Istanbul attack shows terror is closer than we think
The terror attacks may be local but the reach of the pain they cause are global
For some of us the few hours before and after a new year will always be associated with tragedy. Turkey, Iraq, Afghanistan, Yemen and Somalia were all targets of terror attacks claiming the lives of many and turning the festivities and optimism of welcoming the new year into tears and fear from the worse to come.
The attacks were local, but the reach of the pain they caused were global. In Istanbul tourists from more than one country were killed, and families around the world were mourning. The attacks on the Reina nightclub claimed the lives of people from 14 countries. Many of the victims were Saudis.
I personally do not know anyone of those killed, but I know people who know some of them. They were not only saddened by the deaths, or angered by its senselessness; they were also afraid for themselves and their immediate loved ones.
As one put it: “No place is safe, no country is safe, they can hurt us no matter how far we are.” This is what globalized terrorism is. It is not merely having global networks with the capacity to strike in different countries; rather it is the capacity to generate fear in everyone around the world.
I am from Saudi Arabia, a country that had been the target of many terrorist attacks in the past. But we’ve felt safe in the past partly due to the remarkable efforts of the security apparatus, but also partly due to a naivety that if we are safe from terrorists in our countries then we have little or nothing to worry about. This is wrong. If anyone, anywhere, is not safe, then we should worry.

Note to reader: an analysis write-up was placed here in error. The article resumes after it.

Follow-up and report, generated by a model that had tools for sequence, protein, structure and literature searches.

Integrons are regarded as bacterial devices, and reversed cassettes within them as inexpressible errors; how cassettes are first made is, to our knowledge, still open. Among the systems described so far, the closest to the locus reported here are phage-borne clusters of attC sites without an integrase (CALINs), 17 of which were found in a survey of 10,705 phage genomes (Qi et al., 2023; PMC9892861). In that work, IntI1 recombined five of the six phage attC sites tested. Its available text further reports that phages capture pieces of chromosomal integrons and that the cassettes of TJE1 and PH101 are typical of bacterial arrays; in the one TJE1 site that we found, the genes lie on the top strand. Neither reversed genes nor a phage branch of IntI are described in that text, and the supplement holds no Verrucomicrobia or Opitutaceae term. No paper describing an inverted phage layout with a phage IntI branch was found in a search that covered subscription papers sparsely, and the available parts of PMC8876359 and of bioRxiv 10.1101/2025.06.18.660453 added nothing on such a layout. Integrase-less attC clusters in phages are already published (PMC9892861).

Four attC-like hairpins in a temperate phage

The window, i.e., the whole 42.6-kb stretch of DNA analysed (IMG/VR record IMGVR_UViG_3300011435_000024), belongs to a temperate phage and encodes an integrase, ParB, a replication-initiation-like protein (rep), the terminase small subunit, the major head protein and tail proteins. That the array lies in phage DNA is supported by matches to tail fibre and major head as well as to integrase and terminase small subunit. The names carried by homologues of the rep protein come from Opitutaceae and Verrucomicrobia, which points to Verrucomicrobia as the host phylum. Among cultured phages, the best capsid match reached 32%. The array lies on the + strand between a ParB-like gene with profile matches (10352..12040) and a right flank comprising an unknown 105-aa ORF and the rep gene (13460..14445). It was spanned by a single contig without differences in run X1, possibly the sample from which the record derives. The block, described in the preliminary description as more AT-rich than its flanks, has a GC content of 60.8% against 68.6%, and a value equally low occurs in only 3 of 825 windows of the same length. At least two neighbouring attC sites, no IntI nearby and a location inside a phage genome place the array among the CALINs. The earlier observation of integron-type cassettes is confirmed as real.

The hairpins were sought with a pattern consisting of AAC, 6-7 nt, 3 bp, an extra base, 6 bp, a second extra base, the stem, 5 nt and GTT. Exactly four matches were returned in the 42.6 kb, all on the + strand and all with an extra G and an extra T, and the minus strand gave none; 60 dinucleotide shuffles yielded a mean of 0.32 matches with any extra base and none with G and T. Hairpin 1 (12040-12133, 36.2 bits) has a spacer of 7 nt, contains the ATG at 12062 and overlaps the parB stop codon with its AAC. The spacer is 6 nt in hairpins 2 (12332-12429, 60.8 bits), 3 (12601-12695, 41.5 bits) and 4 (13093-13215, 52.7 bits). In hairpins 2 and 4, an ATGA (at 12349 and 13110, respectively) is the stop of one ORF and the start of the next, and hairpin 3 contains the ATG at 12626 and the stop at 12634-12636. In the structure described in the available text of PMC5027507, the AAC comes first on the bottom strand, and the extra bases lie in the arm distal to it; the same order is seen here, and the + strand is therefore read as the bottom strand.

We seem to forget that ideas are rarely, if ever, local. We hear of radical ideas in another country or region in the world, and say to ourselves this is not hereAbdullah Hamidaddin
Effectiveness of striking fear
Terrorism stems from socio-political frustrations, but is guided by an idea that legitimizes killing innocent people to further one’s cause, and as importantly an idea that convinces the would be terrorist of the effectiveness of striking fear into the public.
We are constantly reminded of being vigilant, and we keep hearing things like “if you see something say something” but we are not encouraged enough to be vigilant about ideas, and many of us do not feel an immediate responsibility to act against ideas.
Part of the problem is that we got accustomed to certain ideas to the point where we aren’t provoked when hearing them. We grew up attending mosque sermons that call for the destruction of others and we listened through our lives to preachers cursing sinners. Many of us do not agree with that, but having listened it so often we are no longer aware of the gravity of such statements.
Sometimes we are not aware of such statements being uttered. But while we are listening to a sermon unaware of what’s being said, someone sitting near us may not be.
Radical ideas aren’t local
Another part of the problem is that we seem to forget that ideas are rarely, if ever, local. We hear of radical ideas in another country or region in the world, and say to ourselves this is not here.
But what is “here” in the world of the Internet and social media? And what is “here” in a world of global movement of people? If an idea starts spreading in an another country, we do not worry.
We say to ourselves its “here” and it’s not our problem. But it is our problem, and its effect will hurt us. If not by hurting us immediately in our own countries, then by hurting us or those we love in other countries.
Globalized terrorism aims to strike terror in everyone. We are all legitimate targets. Governments are responsible for the security approach to fighting terrorism. We should take responsibility for the intellectual approach.
We can do this, not just by deconstructing the ideas that legitimize or encourage terrorism, but at least by standing out and rejecting all utterances of hate toward anyone anywhere.
Abdullah Hamidaddin is a writer and commentator on religion, Middle Eastern societies and politics with a focus on Saudi Arabia and Yemen. He is currently a PhD candidate in King’s College London. He can be followed on Twitter: @amiq1